The House Judiciary subcommittee on the Constitution focused its attention on the FBI's Carnivore email surveillance system for more than two hours yesterday, as lawmakers went on the offensive and forced FBI officials to defend the controversial system. FBI Assistant Director Donald M. Kerr indicated that Carnivore would be a useful defense against online fraud, online child pornography, hackers, and terrorists. "Criminals use computers to send child pornography to each other using anonymous encrypted communications," Kerr noted. Rep. Spencer Bachus (R-Ala.) spoke for many of his peers when he expressed his wariness over Carnivore's "tremendous" potential for abuse. Carnivore has drawn heavy fire from civil liberties advocates, who worry that the system will violate the privacy of innocent electronic transmissions. ISPs have also expressed concern about linking the system to their networks. Law enforcement officials said they would permit Carnivore to be reviewed by a neutral third party. Reps. Jerrold Nadler (D-N.Y.) and Robert L. Barr Jr. (R-Ga.) posed the toughest questions to law enforcement officials during the hearing.

    For information regarding ACM's activities on behalf of privacy matters, visit http://www.acm.org/usacm/privacy.

  • "At-Work-Monitoring Bill Introduced"
    Associated Press (07/20/00); Holland, Jesse J.

    Legislation giving employees greater assurance that their email communications or Web surfing activities are not being secretly monitored in the workplace was introduced late last week in both chambers of Congress. Rep. Bob Barr (R-Ga.) and Rep. Charles Canady (R-Fla.) introduced a House bill on the matter, while Sen. Charles Schumer (D-N.Y.) introduced a similar bill in the Senate. The bills mandate that employers inform employees if they are monitoring their email communications, computer keystrokes, or use of the Internet. Thus far, Connecticut is the only state that has a law requiring employers to be open about their employee-monitoring habits.

  • "Web Sites Allow Mischief by Unnamed E-Mailers"
    International Herald Tribune (07/26/00) P. 13; Dembart, Lee

    Anonymous email services are springing up on the Internet, allowing users to send prank messages that appear to be from someone else. Using sites such as ManicMail and Zoubidoo, for example, a user could send a message that seems to be from the boss informing co-workers that they are fired. ManicMail says most of its users are harmless pranksters, but the site warns users that it cooperates with police in tracing malicious or threatening messages. Recipients can trace a message to ManicMail by reading the full header, which instructs them to "email ManicMail with all instances of abuse." By contrast, Zoubidoo does not warn users against sending malicious messages, and the only clue in the full header to indicate where the message originated is the word "zoubidoo." Privacy advocates note that anonymous sites have legitimate uses as well, for example, for computer engineers who want to give truthful opinions on computer products. However, privacy advocates note that sites such as ManicMail and Zoubidoo are not completely anonymous, and one expert suggests that users seeking total anonymity send messages through two or more remailers.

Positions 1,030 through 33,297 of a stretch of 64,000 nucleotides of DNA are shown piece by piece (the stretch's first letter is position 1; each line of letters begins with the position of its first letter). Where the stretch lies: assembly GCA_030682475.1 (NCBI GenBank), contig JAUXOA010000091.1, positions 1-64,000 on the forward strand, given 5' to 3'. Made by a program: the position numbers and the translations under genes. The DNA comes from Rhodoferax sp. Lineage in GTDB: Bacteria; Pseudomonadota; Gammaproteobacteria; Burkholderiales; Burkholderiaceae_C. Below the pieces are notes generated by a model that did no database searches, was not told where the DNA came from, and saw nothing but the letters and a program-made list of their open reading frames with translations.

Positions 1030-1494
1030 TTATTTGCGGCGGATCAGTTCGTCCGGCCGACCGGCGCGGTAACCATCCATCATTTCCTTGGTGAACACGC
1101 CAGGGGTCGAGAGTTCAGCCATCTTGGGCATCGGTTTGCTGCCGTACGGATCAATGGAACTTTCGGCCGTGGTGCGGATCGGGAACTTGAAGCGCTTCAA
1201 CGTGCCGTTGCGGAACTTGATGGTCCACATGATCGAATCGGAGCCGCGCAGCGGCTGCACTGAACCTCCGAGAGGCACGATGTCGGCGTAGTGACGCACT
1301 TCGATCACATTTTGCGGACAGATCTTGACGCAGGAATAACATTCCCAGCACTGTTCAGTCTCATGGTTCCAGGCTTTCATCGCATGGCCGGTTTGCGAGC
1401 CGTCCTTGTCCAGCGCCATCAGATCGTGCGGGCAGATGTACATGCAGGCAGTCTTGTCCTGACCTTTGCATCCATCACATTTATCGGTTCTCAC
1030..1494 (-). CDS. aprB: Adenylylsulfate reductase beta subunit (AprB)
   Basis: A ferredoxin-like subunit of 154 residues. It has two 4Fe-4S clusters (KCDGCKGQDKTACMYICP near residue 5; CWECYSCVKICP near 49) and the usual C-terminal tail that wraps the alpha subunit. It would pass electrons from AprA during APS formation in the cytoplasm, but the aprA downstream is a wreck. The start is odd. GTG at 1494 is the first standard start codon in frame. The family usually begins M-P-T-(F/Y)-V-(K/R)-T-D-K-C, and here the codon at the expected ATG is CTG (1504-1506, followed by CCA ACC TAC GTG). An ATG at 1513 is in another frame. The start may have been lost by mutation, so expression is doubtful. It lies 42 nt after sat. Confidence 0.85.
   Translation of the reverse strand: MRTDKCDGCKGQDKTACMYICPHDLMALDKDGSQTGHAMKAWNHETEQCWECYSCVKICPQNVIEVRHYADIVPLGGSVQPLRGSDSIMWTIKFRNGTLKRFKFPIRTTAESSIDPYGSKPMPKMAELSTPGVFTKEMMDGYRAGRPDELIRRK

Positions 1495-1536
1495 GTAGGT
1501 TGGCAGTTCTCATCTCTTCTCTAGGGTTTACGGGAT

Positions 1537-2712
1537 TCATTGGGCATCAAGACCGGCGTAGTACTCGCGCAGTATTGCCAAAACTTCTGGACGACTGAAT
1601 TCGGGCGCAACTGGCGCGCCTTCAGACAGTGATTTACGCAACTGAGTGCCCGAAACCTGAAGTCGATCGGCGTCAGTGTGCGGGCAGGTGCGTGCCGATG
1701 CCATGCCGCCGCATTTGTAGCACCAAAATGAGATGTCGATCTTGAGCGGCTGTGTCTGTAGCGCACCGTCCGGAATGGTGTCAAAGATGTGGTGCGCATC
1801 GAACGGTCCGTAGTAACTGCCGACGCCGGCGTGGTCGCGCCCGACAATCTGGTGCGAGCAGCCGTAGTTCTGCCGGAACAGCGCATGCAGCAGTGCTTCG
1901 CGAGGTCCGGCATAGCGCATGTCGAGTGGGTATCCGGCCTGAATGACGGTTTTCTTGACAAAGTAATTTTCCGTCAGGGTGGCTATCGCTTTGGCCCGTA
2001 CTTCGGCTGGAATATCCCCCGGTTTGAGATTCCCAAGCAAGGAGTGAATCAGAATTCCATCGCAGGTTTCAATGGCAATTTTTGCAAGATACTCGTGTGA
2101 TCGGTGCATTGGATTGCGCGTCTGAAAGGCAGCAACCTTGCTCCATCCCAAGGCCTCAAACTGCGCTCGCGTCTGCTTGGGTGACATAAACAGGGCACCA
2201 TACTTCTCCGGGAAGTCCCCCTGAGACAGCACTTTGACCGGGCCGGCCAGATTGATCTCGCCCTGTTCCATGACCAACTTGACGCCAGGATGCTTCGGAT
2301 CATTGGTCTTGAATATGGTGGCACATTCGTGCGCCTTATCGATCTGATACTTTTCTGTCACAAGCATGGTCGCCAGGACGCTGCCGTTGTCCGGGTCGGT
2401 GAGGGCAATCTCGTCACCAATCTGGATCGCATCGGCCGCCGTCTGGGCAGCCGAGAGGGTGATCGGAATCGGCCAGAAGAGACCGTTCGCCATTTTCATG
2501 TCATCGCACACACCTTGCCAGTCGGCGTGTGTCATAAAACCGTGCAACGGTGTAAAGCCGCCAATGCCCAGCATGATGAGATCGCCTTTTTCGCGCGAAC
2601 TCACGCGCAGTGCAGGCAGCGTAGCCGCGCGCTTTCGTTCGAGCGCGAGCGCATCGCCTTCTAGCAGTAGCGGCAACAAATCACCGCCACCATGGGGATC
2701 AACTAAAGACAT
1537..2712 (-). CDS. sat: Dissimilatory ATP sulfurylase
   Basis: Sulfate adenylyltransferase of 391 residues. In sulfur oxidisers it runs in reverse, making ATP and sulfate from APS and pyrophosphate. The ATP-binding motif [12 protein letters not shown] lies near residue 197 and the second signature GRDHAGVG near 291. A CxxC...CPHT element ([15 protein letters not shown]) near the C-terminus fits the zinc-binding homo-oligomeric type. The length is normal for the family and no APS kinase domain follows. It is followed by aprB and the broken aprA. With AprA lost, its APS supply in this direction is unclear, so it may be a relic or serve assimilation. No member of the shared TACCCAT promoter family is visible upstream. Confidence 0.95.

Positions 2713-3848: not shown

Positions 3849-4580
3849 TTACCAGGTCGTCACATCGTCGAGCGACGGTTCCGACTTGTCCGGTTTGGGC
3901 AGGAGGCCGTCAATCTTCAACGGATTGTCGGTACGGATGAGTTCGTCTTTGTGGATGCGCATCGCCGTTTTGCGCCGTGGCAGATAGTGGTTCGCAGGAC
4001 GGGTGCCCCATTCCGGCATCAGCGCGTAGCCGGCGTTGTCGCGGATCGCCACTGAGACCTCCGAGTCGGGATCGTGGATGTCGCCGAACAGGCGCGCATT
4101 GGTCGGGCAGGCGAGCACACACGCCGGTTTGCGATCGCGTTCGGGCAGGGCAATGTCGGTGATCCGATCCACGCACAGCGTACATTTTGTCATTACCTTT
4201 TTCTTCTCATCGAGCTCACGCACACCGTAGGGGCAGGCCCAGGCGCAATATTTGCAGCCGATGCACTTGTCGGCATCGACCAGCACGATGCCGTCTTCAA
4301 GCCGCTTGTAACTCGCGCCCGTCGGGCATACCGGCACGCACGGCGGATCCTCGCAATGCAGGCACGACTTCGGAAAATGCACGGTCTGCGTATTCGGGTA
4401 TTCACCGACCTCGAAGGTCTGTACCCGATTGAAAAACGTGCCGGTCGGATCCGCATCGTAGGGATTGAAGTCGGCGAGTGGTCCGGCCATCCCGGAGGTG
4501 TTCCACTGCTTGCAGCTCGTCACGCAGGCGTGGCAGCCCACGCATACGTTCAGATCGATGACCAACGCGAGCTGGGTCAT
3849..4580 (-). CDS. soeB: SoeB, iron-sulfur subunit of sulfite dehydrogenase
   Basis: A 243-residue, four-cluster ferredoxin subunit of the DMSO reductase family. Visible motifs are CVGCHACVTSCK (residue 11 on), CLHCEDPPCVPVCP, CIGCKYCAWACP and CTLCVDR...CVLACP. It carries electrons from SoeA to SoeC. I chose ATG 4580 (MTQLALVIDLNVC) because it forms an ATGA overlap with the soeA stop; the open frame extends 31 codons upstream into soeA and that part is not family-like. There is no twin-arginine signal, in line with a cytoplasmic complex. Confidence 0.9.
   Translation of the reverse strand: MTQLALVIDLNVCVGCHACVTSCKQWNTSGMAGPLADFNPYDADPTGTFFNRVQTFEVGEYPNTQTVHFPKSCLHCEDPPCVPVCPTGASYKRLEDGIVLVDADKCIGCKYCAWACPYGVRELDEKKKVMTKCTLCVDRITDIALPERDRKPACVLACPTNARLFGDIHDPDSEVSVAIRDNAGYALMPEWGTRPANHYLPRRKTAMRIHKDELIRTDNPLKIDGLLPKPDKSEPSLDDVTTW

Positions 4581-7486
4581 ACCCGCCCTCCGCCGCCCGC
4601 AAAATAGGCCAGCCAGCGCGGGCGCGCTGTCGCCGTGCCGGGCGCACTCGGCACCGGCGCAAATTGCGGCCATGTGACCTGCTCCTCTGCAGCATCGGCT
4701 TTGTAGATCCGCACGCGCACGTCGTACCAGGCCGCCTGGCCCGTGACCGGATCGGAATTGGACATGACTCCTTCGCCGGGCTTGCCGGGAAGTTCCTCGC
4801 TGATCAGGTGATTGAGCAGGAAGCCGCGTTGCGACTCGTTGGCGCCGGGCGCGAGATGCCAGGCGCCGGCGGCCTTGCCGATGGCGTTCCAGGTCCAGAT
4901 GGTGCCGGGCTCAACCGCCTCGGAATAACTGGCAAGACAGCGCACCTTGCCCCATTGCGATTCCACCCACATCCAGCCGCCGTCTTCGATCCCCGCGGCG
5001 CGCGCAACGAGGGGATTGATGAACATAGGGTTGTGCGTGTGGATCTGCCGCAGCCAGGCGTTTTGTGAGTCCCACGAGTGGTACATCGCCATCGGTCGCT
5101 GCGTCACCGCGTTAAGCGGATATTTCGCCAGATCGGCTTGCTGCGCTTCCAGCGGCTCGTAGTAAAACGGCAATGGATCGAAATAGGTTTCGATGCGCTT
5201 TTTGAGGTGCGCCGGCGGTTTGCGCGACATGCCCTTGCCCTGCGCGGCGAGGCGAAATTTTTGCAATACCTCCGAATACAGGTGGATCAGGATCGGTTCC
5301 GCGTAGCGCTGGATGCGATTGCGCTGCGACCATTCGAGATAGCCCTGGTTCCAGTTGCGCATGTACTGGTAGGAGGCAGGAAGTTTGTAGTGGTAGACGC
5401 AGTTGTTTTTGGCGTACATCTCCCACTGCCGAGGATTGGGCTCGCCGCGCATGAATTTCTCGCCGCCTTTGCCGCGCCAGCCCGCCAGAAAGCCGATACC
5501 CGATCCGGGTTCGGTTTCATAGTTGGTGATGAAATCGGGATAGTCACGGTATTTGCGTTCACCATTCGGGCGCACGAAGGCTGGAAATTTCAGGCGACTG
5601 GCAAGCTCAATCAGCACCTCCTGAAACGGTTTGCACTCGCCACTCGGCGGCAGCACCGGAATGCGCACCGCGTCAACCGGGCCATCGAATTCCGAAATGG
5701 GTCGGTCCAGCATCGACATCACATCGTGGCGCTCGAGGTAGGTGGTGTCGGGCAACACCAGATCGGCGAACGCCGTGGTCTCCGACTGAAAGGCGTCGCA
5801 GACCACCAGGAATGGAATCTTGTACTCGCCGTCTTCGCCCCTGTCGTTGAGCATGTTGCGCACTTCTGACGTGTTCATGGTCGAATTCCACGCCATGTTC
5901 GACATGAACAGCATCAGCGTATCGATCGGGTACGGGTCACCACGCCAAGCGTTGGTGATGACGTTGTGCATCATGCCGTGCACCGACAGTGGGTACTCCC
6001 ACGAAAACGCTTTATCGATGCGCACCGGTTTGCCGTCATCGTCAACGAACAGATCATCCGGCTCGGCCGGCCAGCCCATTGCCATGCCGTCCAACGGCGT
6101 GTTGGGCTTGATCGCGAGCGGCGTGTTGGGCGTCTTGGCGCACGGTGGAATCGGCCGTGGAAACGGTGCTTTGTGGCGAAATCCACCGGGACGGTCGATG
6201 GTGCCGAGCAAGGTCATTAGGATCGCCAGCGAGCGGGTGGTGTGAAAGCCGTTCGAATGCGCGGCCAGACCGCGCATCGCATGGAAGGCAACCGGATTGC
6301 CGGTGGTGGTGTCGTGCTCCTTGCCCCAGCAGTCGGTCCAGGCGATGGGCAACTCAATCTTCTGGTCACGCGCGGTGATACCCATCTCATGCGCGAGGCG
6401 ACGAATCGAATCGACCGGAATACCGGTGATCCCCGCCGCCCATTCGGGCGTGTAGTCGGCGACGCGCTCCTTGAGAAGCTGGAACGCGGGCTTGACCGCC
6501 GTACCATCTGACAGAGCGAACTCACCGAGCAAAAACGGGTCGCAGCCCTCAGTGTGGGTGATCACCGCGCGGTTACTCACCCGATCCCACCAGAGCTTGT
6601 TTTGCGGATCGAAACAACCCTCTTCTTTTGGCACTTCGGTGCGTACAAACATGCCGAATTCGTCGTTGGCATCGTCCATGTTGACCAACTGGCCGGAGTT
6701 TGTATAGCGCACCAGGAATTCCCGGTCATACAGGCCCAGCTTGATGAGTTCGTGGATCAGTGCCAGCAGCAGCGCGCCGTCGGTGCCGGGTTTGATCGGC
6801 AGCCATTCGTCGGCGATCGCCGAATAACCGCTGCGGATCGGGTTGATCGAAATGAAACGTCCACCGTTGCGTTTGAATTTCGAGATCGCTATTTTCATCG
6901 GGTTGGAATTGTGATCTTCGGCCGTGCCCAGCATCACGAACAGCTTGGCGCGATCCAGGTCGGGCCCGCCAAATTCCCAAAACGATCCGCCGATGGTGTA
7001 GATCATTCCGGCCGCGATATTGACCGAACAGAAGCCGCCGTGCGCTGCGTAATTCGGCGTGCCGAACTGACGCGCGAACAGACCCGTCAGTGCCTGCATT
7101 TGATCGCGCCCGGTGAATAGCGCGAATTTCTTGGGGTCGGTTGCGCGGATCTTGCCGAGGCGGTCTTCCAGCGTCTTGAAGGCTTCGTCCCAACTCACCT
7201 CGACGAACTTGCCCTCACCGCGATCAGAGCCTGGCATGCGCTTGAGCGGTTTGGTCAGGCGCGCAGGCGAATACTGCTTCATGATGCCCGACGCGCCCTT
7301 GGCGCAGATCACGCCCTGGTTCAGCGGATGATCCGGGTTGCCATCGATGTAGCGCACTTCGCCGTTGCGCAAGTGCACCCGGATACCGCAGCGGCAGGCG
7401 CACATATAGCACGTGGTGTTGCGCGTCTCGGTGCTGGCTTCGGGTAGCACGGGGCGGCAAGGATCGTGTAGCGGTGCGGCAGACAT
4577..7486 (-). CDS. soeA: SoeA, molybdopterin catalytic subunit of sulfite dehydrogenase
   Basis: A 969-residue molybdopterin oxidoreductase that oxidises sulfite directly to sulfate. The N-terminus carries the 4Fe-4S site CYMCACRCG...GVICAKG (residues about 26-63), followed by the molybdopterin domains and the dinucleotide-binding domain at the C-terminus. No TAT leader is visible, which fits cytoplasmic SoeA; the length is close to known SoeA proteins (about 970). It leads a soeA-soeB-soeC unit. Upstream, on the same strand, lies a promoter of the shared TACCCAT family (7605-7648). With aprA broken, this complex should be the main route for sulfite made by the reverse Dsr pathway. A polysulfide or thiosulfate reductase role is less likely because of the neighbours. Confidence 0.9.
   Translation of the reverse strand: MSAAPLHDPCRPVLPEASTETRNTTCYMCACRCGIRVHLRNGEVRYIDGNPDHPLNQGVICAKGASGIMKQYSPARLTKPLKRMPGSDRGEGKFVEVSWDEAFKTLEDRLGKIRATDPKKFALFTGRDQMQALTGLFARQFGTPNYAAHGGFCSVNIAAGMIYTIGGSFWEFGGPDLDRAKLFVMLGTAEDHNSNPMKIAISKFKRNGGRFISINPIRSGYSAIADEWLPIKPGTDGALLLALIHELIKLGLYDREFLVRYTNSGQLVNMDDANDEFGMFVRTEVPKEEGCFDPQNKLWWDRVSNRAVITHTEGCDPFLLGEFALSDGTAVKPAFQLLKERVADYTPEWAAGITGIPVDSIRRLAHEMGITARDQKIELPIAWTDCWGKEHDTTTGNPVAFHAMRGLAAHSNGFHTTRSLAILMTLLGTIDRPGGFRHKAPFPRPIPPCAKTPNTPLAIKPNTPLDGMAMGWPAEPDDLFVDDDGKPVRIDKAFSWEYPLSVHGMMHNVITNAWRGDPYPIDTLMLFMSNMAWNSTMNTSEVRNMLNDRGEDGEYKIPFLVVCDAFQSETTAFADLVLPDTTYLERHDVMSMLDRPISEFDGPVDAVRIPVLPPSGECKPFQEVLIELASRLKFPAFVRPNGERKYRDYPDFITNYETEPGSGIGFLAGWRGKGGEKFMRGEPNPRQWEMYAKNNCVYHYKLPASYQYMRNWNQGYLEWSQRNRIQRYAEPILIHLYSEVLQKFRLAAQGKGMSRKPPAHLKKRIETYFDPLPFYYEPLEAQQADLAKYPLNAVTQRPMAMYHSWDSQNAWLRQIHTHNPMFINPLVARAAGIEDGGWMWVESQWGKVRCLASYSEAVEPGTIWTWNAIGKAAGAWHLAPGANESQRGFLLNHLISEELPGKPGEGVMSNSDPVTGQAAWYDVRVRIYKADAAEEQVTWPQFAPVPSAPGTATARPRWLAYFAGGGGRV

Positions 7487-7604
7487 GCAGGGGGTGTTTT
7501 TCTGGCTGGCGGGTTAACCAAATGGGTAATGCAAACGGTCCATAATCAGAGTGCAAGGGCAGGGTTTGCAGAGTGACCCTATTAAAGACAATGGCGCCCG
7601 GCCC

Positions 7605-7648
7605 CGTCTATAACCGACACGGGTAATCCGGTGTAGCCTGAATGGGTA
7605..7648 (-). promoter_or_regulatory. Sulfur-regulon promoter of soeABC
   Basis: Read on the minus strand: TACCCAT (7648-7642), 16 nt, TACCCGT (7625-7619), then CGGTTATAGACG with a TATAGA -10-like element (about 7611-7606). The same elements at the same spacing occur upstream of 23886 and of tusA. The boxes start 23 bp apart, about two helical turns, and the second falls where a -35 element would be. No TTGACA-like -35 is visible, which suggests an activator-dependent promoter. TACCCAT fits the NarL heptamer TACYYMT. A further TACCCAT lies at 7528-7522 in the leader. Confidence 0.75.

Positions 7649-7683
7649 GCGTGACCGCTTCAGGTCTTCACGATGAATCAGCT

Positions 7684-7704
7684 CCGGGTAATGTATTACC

For information regarding ACM's activities on behalf of privacy matters, visit http://www.acm.org/usacm/privacy.

  • "Devices Free Workers From Disabilities"
    USA Today (07/25/00) P. 3D; Weise, Elizabeth

    Since the passage of the Americans With Disabilities Act 10 years ago, people with severe disabilities have benefited from the design of products that assist them in day-to-day living. Now technology originally developed to assist the handicapped has been adapted for just about anyone. These products offer tremendous advantages to people with and without disabilities, and it is hoped that standards of accessibility will be maintained so that new innovations will continue to do so. However, the Web is an example of how technology can sometimes be rendered inaccessible, especially to the disabled; with the implementation of images, frames, and sound in Web pages, the Internet became less accessible to the visually and aurally impaired. The World Wide Web Consortium has launched an initiative to correct this problem and make the Web universally accessible, such as placing an "alternative" text block next to images or sound clips. "If you don't have captions," says project director Judy Brewer, "you just lost everyone who can't hear it, whether they're deaf or just don't have their speakers turned on." Some recent developments of multipurpose, universally designed technology include Dragon Dictate, a speech-recognition program that allows users to control PCs by voice command; digital talking books created by the Digital Audio-Based Information Systems Consortium, developed mainly to help the visually impaired; and the Wyndtell from Wynd Communications, which can send and receive text messages.